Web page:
DCISFF17 Kicks Off!
The 17th edition of the Dawson City International Short Film Festival is underway. It began tonight with a special opening-night double bill of Yukon-themed screenings, which featured two very different types of films.
Memory Trap: The Herd that Wouldn’t Disappear is an hour-long documentary by Whitehorse filmmaker Allan Code. The film follows the Forty Mile Caribou Herd for a year through the remote wilderness of North Yukon and Alaska, telling their story of survival and how traditional knowledge and science saved the herd from near extinction. The Dawson screening is only the second showing of the film, which premiered recently at the Banff Mountain Film Festival. The filmmaker was not in attendance, having sent his regrets, as he is on location up the Dempster Highway in the northern Yukon, and continuing to chronicle the caribou. Nevertheless, there was a noticeable buzz through the Odd Fellows Hall as the audience waited for the film — not surprising given there is a special affinity between Dawsonites and the Forty Mile Herd. The documentary itself, while uplifting in being able to relate the herd’s almost-miraculous recovery from near extinction, was still sobering and often disturbing. Like many works with an ecological theme, humanity’s myopia and wanton abuse of the natural world are brought to the fore, and given the abuses of the past, it is difficult to be optimistic about the future, despite the Forty Mile Herd’s return from the brink.
The second feature, The Grubstake Remix, was a lighter offering. The film. directed by Daniel Janke, is a creative and entertaining modern interpretation of The Grub-Stake, a 1923 northwoods melodrama by Canadian screen icon Nell Shipman. It tells the story of a young woman named Faith (played on-screen by Shipman and voiced by Sarah Moore) who goes north to the Klondike to seek her fortune, only to be deceived and manipulated in a world of men. Faith escapes into the bush with her ailing father and a half-wit prospector to lead battle against her wrongful suitor and his henchmen.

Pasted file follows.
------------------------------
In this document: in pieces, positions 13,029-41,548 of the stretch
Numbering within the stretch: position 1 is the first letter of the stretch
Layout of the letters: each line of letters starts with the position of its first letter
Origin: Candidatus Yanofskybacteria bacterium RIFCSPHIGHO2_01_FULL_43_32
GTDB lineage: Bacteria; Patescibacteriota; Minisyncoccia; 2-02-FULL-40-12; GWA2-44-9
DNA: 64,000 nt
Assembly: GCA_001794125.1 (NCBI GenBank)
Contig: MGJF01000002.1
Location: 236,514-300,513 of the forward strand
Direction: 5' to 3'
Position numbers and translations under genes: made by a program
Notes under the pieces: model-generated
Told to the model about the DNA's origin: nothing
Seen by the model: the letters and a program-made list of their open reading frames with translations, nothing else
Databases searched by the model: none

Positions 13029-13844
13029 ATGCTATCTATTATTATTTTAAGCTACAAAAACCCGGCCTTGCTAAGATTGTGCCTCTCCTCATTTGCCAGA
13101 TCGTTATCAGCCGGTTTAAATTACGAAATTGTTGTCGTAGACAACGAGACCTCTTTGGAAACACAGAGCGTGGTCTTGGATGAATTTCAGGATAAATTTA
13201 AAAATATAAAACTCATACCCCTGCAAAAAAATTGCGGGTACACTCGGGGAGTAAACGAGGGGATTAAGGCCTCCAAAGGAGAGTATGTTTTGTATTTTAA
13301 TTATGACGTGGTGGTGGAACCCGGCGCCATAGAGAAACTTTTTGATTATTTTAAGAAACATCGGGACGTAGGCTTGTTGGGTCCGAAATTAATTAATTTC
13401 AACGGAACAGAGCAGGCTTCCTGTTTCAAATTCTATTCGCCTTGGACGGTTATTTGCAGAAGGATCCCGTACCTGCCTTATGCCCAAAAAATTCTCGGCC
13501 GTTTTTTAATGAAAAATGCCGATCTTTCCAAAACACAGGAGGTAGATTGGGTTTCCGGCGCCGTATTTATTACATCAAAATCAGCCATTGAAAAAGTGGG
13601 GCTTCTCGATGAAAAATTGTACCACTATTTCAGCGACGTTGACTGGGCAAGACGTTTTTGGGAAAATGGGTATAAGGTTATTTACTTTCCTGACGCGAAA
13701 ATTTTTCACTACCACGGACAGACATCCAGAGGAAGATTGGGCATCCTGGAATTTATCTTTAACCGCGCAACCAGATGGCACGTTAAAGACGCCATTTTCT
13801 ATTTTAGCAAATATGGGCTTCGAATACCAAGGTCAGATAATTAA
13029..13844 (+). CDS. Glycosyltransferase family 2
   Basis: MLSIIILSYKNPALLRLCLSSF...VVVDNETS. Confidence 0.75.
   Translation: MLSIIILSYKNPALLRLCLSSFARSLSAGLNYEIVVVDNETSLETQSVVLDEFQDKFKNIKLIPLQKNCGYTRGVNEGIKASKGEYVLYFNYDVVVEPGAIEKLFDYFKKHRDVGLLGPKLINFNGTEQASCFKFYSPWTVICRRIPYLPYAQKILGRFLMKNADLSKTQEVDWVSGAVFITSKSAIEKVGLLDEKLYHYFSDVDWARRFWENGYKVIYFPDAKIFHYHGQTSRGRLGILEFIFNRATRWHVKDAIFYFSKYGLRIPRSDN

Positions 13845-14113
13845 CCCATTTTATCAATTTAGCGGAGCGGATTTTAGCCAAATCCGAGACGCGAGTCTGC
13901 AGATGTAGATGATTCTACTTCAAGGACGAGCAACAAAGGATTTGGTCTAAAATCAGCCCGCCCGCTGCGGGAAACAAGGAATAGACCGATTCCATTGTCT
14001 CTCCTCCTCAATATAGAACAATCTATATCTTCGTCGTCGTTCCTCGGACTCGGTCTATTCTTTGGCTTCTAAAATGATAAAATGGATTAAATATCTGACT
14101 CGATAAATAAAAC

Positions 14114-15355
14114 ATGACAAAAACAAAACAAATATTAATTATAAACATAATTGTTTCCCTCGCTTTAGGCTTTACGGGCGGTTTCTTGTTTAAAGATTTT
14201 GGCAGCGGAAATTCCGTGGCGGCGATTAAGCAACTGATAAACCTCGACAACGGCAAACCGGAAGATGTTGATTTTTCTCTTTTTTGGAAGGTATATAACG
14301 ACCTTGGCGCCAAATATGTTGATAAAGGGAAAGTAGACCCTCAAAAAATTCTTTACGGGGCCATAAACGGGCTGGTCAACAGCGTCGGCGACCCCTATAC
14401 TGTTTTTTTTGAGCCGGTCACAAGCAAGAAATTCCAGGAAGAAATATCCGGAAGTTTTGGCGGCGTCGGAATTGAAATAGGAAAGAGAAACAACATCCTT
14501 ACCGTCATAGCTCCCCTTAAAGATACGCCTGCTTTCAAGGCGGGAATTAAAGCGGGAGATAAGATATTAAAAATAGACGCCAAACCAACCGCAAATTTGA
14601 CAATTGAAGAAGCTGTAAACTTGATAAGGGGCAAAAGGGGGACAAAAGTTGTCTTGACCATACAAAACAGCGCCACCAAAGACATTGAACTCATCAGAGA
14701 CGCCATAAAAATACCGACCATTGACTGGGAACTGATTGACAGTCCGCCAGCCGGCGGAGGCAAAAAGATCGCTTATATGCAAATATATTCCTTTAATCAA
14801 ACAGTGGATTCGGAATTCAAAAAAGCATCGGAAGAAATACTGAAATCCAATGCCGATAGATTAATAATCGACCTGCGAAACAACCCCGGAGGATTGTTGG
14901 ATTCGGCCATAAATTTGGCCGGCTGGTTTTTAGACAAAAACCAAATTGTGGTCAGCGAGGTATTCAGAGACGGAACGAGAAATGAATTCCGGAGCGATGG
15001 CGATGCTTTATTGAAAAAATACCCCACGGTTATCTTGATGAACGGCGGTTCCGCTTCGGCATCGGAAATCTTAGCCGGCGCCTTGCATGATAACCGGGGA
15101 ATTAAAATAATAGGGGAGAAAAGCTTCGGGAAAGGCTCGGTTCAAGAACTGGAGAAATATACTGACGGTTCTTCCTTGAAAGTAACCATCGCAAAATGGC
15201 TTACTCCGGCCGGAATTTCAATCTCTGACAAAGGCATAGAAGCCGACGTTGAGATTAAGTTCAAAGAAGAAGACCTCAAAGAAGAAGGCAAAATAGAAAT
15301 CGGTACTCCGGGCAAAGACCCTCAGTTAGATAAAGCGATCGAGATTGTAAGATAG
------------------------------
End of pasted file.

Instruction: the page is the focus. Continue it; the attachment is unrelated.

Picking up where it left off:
The film adds layers of music and dialogue to the original silent footage — except that the dialogue is a mash-up of Shakespearean excerpts, and the performance was originally done live. Footage of the actors and musicians doing the live performance are intermixed with the dubbed story. Director Janke was in attendance, and participated in a discussion after the screening. He said that taking the show on the road as a live production was logistically and financially prohibitive, but was pleased with the final filmed version being screened. And indeed the audience agreed, as the resulting modern-day retelling was a fun frolic that surely even Shipman and The Bard would have approved of.
Film fest director Dan Sokolowski stepped to the microphone at the start of the evening’s screenings to welcome festival-goers, and to thank the sponsors, filmmakers, staff, and volunteers that continue to make the DCISFF such a fabulous event. And the thanks are certainly well deserved, especially this year, given that Easter fell much earlier than normal, and as a result there was even less time available to get all the pieces in place. The results will now be there on the screens for everyone to enjoy for the rest of the weekend.
— Dan Dowhal, Dawson City Writer-at-Large